“With designs like ours, growing robots can rival traditional mobile robots and navigate some environments that prove challenging to robots currently,” says Blumenschein. “All the robots are currently made by hand. Especially for applications where we want to control the direction of the robot, this isn’t really feasible, and we would have to develop automated manufacturing in order to produce the lengths of robot body desired.”

Wireless origami

Another way of getting into tight spaces is by deploying in very compact form. Robots that unfold themselves to perform useful tasks have been created many times, but batteries and wires to power them can limit their effectiveness. Researchers at Harvard University, the Institute for Biologically Inspired Engineering, and Ajou University in South Korea have developed wireless, battery-free devices that rely on passive electronic components to fold and unfold like origami.

These tetrahedrons were made in large and smaller versions, with folding lines measuring 12 cm on the former and 1.7 cm on the latter. They can fold along three axes, forming a pyramid-like structure when all their sides are folded up. The devices can move thanks to structures built into their joints: Shape Memory Alloy (SMA) coils that regain their original shape when heated, and miniature circuits that become energized by resonance frequencies. When electrical current heats the SMAs, and matching the electromagnetic field to each circuit’s resonance frequency, the devices can fold their sides, either individually or simultaneously.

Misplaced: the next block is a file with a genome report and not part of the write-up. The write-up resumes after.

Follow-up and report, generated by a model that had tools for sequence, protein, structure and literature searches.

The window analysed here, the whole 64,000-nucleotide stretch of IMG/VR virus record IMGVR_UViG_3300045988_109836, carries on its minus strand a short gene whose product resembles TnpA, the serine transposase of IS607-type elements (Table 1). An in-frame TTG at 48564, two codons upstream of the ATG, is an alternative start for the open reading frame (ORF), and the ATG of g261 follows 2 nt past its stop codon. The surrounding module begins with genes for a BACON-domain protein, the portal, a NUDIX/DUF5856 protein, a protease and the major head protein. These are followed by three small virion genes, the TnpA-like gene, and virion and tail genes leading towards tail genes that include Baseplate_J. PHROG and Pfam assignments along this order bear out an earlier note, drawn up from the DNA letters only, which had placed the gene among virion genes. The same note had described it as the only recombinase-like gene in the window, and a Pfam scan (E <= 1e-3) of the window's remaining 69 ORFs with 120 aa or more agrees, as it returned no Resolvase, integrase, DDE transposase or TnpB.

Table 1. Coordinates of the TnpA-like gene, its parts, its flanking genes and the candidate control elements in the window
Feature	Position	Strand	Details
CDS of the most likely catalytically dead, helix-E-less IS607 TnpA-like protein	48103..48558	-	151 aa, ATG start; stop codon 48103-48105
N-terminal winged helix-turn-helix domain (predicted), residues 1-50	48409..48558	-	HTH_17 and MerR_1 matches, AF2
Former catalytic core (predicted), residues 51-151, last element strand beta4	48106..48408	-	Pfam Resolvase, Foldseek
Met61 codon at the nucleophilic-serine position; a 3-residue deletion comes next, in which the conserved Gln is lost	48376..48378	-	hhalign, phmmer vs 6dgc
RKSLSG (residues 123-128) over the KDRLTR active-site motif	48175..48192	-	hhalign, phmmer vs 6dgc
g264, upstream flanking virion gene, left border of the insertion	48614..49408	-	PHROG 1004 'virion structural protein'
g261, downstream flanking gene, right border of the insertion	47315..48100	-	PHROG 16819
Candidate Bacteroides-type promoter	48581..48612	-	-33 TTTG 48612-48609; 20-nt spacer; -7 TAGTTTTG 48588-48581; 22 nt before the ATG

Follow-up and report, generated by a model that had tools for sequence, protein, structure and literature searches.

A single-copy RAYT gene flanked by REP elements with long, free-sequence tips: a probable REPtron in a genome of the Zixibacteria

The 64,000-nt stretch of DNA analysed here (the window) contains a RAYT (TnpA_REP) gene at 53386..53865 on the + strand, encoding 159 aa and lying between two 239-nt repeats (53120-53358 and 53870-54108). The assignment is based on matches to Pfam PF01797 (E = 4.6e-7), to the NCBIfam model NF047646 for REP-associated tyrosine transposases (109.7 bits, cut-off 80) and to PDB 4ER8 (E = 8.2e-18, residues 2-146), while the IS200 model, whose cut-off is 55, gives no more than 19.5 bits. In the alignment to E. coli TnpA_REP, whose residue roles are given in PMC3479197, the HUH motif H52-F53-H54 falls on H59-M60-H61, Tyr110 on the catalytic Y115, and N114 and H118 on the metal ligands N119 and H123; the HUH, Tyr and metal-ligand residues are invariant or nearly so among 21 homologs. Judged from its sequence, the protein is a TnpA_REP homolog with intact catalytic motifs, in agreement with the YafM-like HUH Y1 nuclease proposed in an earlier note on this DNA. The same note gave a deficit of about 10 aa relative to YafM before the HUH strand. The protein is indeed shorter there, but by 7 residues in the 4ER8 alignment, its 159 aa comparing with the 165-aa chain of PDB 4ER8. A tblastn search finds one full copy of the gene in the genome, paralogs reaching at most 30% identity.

In demonstration videos, the researchers showed how the tetrahedron technology could be adapted to construct a miniature ship in a bottle that can raise its sail wirelessly. They also created a battery-free micro-origami robotic arm equipped with SMA actuators and a gripper. The arm can perform simple left-right, up-down motions and its gripper can pick up objects such as a sponge. 

“I think this has tremendous potential for biomedical robots,” says study co-author Robert Wood, a professor of engineering and applied sciences at Harvard. “For example, robots that you could swallow and then use this strategy to control their motions for diagnostic procedures, biopsies, drug delivery, etc. We are planning to build representative prototypes for these applications using the techniques described in the paper.”

Folding Robots

About the Author

Tim Hornyak · Tim Hornyak is a freelance science and technology journalist based in Tokyo. Born in Montreal, Hornyak moved to Japan in 1999 and worked for Japanese news organizations before coauthoring guidebooks to Japan and Tokyo for Lonely Planet. He is also the author of Loving the Machine: The Art and Science of Japanese Robots. He has worked as Tokyo correspondent for IDG News, producing articles and videos for websites such as Computerworld, Macworld and Networkworld, and has contributed to media such as Scientific American, National Geographic News and MIT Technology Review.
Contact Tim Hornyak: rteditorial@ehpub.com  ·  View More by Tim Hornyak.
Follow Timothy on Twitter.